Early on, keep it simple and just get familiar with how it works. Then as your knowledge grows look into modifying variables and other elements. Bootstrap uses SASS which is a CSS preprocessor. It allows you to use variables, mixins, maps, and other cool features.

Picking up SASS is a skill in itself and something you won’t pick up when you initially learn Bootstrap. You’ll have to get to grips with different NPM package managers, inheritance, importing files, and even learning about GitHub.

5. Responsiveness

Nearly 55% of all web traffic is now from mobile devices, so responsive websites are an absolute must. Websites from the early 2000s that didn’t respond to different screen sizes are an absolute no-go. Google now includes usability as a key ranking factor.

Responsiveness is offered out of the box with Bootstrap and is easy to learn. Once you get to grips with the class names for the different breakpoints you are good to go. The success of Bootstrap can be attributed to how easy the grid system they use to learn is. It immediately gives your website a responsive structure.

6. Templates and Themes

It’s estimated that 22% of all websites use at least some aspect of Bootstrap. On top of that, a third of all sites are built using WordPress. The market for Bootstrap templates and themes is enormous. But learning to create Bootstrap themes for WordPress is difficult. The complexity is far beyond just the other things we have discussed in this article.

However, it is something for newbie developers to aim for. Creating your own theme means you can deliver better quality more quickly to your clients. You can also put them on a marketplace and earn passive income from people buying them. Although the market for this is saturated.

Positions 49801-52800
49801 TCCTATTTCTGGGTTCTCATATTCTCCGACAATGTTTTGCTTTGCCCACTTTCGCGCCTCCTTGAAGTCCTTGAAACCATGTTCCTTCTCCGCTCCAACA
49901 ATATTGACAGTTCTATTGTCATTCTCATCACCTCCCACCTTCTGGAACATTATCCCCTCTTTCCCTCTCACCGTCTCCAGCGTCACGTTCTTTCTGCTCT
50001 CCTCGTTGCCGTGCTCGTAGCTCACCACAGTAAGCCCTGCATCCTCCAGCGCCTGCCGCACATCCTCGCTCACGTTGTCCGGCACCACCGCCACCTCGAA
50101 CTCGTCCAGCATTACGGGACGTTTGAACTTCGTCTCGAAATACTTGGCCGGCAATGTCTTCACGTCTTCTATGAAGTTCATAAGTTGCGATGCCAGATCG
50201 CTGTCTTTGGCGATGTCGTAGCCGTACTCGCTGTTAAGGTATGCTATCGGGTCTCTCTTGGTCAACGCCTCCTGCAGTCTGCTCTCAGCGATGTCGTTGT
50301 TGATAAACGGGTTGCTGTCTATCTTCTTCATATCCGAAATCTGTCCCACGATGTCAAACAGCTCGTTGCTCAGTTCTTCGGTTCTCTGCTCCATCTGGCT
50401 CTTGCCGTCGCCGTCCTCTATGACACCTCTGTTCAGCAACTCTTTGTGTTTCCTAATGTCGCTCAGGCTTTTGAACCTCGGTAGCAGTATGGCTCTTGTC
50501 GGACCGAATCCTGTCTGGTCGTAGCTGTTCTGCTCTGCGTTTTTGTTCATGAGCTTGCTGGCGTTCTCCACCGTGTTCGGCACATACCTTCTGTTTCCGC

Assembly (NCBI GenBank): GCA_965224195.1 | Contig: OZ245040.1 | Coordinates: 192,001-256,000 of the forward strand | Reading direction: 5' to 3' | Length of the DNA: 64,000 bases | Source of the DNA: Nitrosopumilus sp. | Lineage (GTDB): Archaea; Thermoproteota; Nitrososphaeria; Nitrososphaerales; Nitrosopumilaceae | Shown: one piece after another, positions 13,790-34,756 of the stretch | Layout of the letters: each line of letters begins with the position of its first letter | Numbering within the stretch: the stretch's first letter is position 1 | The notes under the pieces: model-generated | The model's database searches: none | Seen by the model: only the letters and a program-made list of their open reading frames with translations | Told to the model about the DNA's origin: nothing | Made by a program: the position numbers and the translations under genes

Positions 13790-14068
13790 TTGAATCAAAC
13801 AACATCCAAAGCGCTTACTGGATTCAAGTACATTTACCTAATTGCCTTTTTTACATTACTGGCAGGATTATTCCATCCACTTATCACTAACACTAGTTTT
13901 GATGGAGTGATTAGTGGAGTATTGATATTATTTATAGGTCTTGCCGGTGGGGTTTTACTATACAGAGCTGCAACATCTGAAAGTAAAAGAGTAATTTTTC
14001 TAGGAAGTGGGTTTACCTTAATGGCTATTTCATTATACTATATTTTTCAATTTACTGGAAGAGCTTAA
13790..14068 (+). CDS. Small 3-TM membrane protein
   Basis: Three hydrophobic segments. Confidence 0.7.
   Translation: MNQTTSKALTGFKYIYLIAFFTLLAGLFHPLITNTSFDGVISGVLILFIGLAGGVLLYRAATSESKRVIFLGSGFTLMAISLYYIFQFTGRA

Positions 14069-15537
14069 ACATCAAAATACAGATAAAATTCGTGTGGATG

How much time will it take to learn Bootstrap?

The length of time you have been coding will impact how hard it is to learn Bootstrap. It will also take you much longer to pick up the framework.

No Coding Experience

For newbies with no experience, you can expect to pick up Bootstrap in a few weeks. It will take this long because you will have to learn HTML and CSS as you go along. These two skills can take months to learn on their own.

I’d highly recommend not jumping into Bootstrap before understanding how HTML, CSS, and JavaScript work. Bootstrap was built to be easy to learn but not as a shortcut to becoming a developer. Nail the basics first and it is easy to learn.

With this level of experience, you still may struggle to put together a basic static site with Bootstrap after two weeks.

New Developer

With some coding experience under your belt, you can expect to learn Bootstrap in a day or two. What do I mean by experience? You should have a good grasp of the fundamentals behind the big three. With this learning Bootstrap is easy.

More experience makes reading documentation easier. Bootstrap has some of the best documentation going, so it's a breeze to pick up for people who have a grasp of coding. At this level, you should feel comfortable creating and modifying elements to easily put together a site.

Experienced Developer

As an experienced developer, you will realize that you already know Bootstrap because you know CSS. Essentially all you are learning is the syntax - what classes and layout correspond to which element.

The turnaround time for learning Bootstrap is essentially a couple of hours. You’ll like to work with the documentation open just to refer to it as your build stuff in HTML. At this level, you should be able to comfortably customize the framework. Digging into the SASS files won't be an issue and you can even create your own themes.


Bootstrap is not difficult to learn. The purpose behind its creation was to make CSS straightforward. The learning curve is pretty flat, especially if you already have a good grasp of CSS.

How hard Bootstrap is to learn will also depend on what you intend to do. Basic elements are easy to pick up. But you’ll have to spend a bit more time learning if you want to customize it and build extra features.

Just remember not to skip ahead. Nail the fundamental of HTML, CSS, and JavaScript first, and learning Bootstrap will be easy.